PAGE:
L&S Career Services Employer Mock Interview Day
What: L&S Career Services Employer Mock Interview Day - Tech & Data Thursday, Oct. 19, 9-5 https://careers.ls.wisc.edu/event/data-and-tech-employer-mock-interview-day/
Where: UW-Madison Successworks at the College of Letters and Science https://careers.ls.wisc.edu/
Earlier this month, Yahara’s Sharry Zhang had a chance to participate in the UW Comp Sci Mock Interview day. This was a brand new event, put on by the college of Letters & Sciences at the new Successworks office. The event created an environment allowing comp sci students to interact with IT hiring managers to practice their interview skills and receive feedback on both their resume and the interview itself.
The impetus for the event, Sharry explained, stemmed from recognizing the difference between tech interviews vs. business interview. Tech interviews are a special subset of interviews, she continued, and what makes a good tech interview is not the same as what makes a good interview for other positions. Applicants need to be well versed in explaining their tech skills in depth, and there’s lots more focus on that than a traditional soft skill screening. It’s a common myth, she said, that resumes shouldn’t’ be longer than one page, but in the IT world that is false. For most IT managers, if it is one page that actually raises a red flag because competitive applicants can’t fit their technical skills, with relevant detail and examples, in just one page. Now shouldn’t be 10 pages either, of course, but it should be more than one. Sharry said one of her goals in the interviews was to help the students understand what a technical resume should look like and what IT managers out in the wild are looking for when they review them.
Sharry did 5 interviews, spending 30 min with each student. The students signed up prior through Badgernet and about 6-8 local employers were there, including some familiar names (American Family and Epic). Another cool thing about the day, the Sucessworks office, the new renovated career center on the 3rd floor at the UW bookstore. Each employer got their own room and spent fifteen minutes on the mock interview, and then last 15 minutes give feedback on areas to improve on the interview itself and the structure and content of the resume. Sharry was enthusiastic about the event, which gives students a really leg up in comparison to a hiring fair. Instead of just shaking hands with a potential employer, each student got 1 on 1 time with a hiring manager, allowing them to gain a more in depth understanding of the market and get more personal feedback rather than the traditional career fair.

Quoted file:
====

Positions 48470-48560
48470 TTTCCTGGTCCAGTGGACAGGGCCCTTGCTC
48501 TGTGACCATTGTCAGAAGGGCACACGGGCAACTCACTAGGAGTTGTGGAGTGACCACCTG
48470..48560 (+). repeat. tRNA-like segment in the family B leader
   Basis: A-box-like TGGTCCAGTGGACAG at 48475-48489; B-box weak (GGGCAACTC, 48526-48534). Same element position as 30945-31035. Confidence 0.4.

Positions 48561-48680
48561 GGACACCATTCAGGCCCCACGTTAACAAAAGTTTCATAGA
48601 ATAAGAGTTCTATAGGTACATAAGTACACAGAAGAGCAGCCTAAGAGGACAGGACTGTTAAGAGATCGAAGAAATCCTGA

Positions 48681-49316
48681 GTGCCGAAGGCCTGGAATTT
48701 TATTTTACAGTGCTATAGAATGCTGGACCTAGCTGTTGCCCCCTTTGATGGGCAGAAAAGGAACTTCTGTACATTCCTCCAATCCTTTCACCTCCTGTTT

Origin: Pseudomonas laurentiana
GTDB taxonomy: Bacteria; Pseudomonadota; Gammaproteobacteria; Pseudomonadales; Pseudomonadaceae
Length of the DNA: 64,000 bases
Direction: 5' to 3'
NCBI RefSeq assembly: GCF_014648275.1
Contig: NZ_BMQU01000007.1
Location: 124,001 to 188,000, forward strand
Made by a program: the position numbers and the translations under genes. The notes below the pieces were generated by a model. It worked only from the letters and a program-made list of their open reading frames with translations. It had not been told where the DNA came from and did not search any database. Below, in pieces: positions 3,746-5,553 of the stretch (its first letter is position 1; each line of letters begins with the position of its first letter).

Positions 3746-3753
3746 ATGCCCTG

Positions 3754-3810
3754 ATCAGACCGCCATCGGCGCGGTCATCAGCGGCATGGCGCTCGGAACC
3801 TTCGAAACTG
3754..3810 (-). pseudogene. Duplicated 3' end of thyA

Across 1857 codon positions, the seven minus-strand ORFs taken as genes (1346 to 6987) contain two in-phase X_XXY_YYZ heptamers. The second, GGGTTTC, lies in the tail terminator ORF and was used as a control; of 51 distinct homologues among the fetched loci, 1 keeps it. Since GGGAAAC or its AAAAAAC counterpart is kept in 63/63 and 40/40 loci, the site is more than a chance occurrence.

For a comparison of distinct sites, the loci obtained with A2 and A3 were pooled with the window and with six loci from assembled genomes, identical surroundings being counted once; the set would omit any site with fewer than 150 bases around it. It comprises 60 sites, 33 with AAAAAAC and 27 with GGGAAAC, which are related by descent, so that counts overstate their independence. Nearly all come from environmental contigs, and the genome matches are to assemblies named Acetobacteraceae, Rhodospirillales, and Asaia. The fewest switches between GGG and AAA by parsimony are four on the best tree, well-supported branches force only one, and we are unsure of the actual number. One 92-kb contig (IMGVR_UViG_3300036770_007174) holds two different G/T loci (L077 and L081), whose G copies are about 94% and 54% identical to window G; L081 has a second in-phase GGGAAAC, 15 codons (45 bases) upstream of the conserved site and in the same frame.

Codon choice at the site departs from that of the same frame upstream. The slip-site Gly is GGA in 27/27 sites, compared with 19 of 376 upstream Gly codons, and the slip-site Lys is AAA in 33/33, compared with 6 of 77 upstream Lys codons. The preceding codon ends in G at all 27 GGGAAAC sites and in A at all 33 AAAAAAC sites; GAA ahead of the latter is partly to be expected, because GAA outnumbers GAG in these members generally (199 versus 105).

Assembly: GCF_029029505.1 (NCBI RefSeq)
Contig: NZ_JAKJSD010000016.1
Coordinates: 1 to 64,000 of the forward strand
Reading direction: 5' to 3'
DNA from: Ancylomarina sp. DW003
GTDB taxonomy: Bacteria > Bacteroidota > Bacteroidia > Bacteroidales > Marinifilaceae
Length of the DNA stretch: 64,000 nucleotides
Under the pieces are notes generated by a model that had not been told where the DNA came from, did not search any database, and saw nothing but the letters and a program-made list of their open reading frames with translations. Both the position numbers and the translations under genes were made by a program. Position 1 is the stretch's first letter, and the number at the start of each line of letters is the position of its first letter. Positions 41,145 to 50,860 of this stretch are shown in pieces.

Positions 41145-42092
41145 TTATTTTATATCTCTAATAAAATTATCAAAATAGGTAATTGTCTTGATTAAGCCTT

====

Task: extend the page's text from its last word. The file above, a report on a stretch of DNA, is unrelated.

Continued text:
So, what are some tips for those of you looking to get hired in the IT world? Sharry had few helpful suggestions:
- On your resume – As previously stated, longer resumes are better. Its ok to go over a page but keep it straight forward with a clear structure. Start with an objective, then list technical skills (which are not part of a traditional resume), before moving on to education and experience. That way hiring managers can tell at a glance which programming languages, operating systems, etc. you are familiar. And one more note, unless you are applying for a graphic design position, keep it simple. No fancy pictures or fonts please.
- At the interview – If asked questions about languages or operating systems, applicants tend to default to telling you about the language from a definition perspective. But what people tend to forget is to say how they’ve applied it to a program. Hiring managers want to know how you’ve used the tech you know, not just what the academic definition of it is. Give concrete examples of experiences showing how you’ve applied the technology or solved a problem. And remember, you only have a small amount of time face to face, so use it wisely. Think beforehand of the skillsets you want to highlight and what the best examples of them are, then when asked a question, you’ll have an answer at hand.
- For both: Give real life examples! Point people to GitHub account, stack overflow, any place where you can showcase your coding or technical abilities. If you’ve done something cool, don’t be afraid to show it off by putting the url in your resume or linking to it from your LinkedIn page. Sharry really likes GitHub because it allows the interviewer to see and evaluation the programming skills. The take home message: Tell what you know AND show what you know.
What advice did she have for those who wanted to learn more? Head to Dice and look at the technical resume resources there. The site also often typically has very good articles about how to apply for IT positions and what IT managers look for. https://insights.dice.com/resumes-and-cover-letters/
All in all, it was an excellent event and we are looking forward to participating again next year!